JEFFERSON HILLS (KDKA) — The driver of a pickup truck was killed in a head-on collision with a Port Authority bus on Thursday afternoon along Route 51 in Jefferson Hills.READ MORE: West Virginia Offers Remote Workers $12,000 And Other Perks To Move To State
The crash was first reported around 4 p.m. in the 1300 block of Route 51 at Elliott Road, near the Econo Lodge motel.
Rt 51 traffic slow going in both directions in Jefferson Hills after pickup truck going in wrong direction was hit by PAT bus. pic.twitter.com/bHoCSCnW77
— Ralph Iannotti (@IannottiRalph) November 16, 2017
Rush hour traffic in both directions was slowed down to a crawl for several hours as police reconstructed the collision.
Lt. Jason Haberman, with the Port Authority Police, said, “It appears that the private vehicle was traveling northbound in the southbound lane and then hit the Port Authority bus. He was the sole occupant of the truck who was transported to Jefferson Hospital and died from his injuries.”READ MORE: Majority Of Penguins Players, Coaches Receive COVID-19 Vaccines At PPG Paints Arena Clinic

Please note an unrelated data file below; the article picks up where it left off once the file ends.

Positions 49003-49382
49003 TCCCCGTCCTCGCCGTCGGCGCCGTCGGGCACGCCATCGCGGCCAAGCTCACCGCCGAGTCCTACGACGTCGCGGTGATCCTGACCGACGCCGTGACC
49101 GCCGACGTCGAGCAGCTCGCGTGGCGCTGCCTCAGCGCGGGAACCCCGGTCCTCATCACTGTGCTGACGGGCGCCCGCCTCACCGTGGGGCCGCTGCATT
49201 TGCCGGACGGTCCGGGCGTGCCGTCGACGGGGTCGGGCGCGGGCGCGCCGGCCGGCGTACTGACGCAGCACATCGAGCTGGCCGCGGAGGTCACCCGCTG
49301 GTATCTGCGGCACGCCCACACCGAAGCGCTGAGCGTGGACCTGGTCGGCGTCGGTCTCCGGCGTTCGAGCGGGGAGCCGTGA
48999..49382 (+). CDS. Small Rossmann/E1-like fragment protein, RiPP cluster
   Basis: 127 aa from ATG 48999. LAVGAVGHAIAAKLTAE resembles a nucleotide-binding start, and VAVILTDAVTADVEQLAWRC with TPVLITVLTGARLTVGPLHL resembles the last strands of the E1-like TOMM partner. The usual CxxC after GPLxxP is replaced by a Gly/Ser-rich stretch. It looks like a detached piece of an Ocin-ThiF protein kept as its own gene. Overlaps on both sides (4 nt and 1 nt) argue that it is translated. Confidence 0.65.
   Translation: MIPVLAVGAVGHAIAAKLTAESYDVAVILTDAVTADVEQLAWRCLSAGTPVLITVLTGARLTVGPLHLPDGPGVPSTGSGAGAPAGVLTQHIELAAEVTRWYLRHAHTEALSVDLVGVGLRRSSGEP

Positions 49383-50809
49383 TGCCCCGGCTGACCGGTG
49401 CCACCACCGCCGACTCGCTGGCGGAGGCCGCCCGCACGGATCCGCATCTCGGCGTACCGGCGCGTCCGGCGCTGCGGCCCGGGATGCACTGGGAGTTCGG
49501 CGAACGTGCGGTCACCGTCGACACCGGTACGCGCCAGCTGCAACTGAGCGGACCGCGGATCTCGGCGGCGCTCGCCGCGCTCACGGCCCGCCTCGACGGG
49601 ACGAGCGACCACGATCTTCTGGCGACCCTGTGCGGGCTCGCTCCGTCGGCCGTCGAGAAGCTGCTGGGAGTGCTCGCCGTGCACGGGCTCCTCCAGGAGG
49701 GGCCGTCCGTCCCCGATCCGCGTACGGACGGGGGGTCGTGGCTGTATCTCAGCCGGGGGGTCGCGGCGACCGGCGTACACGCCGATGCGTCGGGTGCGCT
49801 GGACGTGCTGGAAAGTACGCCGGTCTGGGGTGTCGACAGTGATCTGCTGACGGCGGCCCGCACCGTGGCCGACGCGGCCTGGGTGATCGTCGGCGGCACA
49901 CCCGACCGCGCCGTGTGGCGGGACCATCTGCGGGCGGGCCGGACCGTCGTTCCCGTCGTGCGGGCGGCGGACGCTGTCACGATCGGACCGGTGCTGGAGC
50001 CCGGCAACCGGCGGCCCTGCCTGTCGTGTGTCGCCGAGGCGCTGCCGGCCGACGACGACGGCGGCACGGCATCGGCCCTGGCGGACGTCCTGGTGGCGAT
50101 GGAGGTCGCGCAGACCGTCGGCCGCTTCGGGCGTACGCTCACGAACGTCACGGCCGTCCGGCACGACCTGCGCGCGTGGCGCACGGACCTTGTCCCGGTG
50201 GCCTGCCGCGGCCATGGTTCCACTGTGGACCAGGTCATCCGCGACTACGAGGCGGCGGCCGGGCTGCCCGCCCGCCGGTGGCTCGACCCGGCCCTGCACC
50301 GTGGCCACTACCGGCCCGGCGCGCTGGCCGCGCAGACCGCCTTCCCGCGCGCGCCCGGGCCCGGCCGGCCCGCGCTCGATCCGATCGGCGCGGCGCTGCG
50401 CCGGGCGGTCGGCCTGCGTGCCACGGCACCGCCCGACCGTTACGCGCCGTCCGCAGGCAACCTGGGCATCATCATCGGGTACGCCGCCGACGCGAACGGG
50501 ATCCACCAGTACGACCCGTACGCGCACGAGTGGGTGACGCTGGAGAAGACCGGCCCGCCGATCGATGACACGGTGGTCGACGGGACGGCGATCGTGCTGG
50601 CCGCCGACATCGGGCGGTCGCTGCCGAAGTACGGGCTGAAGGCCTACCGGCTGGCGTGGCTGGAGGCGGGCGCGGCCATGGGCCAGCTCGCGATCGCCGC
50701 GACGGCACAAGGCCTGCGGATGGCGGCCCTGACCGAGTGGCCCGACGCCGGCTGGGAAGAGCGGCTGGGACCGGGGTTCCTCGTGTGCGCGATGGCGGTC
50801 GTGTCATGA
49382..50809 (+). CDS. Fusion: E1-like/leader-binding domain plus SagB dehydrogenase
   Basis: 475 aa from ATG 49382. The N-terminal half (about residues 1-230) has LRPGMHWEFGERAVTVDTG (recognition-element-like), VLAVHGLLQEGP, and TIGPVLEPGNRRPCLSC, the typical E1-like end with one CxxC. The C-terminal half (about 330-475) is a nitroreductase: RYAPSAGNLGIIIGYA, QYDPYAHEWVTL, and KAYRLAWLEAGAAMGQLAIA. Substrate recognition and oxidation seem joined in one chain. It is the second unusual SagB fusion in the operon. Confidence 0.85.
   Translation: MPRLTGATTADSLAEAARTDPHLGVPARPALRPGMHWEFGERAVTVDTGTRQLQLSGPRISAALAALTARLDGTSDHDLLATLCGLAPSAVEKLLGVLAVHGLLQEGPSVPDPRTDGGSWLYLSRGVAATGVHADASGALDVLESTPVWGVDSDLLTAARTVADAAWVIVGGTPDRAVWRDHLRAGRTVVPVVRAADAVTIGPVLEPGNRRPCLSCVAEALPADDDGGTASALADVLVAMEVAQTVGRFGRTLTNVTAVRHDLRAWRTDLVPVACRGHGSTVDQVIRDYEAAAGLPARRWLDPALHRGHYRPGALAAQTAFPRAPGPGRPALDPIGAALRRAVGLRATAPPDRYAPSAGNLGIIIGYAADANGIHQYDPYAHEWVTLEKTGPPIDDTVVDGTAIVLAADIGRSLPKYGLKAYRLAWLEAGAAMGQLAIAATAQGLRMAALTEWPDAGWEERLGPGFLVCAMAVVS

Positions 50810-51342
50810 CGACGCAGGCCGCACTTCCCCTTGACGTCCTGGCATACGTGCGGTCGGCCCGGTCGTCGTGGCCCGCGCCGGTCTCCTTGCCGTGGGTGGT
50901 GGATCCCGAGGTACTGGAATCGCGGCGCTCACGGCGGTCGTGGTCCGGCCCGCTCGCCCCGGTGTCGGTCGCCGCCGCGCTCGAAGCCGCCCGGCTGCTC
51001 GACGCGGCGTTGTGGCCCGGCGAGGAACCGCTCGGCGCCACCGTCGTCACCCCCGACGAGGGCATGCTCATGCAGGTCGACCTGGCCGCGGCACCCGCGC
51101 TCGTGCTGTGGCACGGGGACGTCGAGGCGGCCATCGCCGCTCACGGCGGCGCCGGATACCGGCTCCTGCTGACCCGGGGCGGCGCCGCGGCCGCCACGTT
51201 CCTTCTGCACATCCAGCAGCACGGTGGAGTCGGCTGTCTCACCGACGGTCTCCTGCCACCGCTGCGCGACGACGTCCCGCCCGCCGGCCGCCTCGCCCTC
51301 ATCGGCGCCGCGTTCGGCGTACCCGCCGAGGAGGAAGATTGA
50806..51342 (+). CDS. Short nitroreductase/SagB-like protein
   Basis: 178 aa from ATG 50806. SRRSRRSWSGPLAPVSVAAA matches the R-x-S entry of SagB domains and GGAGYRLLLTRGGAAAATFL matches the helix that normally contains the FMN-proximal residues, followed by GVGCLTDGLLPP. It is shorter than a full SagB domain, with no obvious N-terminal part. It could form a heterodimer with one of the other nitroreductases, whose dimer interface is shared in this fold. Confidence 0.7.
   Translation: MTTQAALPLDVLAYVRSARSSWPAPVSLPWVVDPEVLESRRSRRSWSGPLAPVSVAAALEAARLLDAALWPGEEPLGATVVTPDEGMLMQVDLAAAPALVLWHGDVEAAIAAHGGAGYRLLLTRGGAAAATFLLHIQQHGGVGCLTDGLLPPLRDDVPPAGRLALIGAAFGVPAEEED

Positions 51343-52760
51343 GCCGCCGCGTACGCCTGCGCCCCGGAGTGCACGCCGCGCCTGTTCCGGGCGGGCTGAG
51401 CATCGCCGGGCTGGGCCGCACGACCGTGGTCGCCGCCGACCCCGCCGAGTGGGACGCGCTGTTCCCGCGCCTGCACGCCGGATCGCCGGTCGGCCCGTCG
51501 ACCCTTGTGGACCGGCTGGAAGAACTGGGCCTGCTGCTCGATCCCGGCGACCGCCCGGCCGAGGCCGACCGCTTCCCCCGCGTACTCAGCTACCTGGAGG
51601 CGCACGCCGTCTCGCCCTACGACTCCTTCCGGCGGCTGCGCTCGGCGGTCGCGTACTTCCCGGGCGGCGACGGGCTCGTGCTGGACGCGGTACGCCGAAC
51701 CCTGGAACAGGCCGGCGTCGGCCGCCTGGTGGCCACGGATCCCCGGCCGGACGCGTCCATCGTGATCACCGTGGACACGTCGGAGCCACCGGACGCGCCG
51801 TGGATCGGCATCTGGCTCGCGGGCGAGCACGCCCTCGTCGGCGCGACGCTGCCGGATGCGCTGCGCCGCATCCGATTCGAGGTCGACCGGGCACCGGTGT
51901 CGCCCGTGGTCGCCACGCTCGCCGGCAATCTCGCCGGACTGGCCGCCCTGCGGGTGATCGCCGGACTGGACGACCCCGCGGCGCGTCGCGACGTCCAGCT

It’s not known if speed was a factor, if the truck driver suffered a medical condition, or why he was going the wrong way at the time of the crash.
There’s a small, elevated concrete barrier separating the north and southbound lanes.
The operator was the only person on the bus at the time of the crash. He was taken to UPMC Mercy Hospital, with what were described as non-life threatening injuries.
A woman who works at an Econo Lodge across the street from the wreck didn’t want to be identified. She rushed over to see if she could help, and she wasn’t alone.
She told KDKA-TV’s Ralph Iannotti, “A chaplain stopped his car in the dead middle of the road and he came over to help me. We said a prayer for the man in the truck, and then we said a prayer for the driver who was in the bus. He was conscious.”MORE NEWS: Rep. Conor Lamb, Rep. Brian Fitzpatrick Tour Southern U.S. Border As Part Of Congressional Delegation
There appeared to be no issues with the bus. However, investigators are now routinely reviewing bus surveillance video and checking for possible mechanical issues.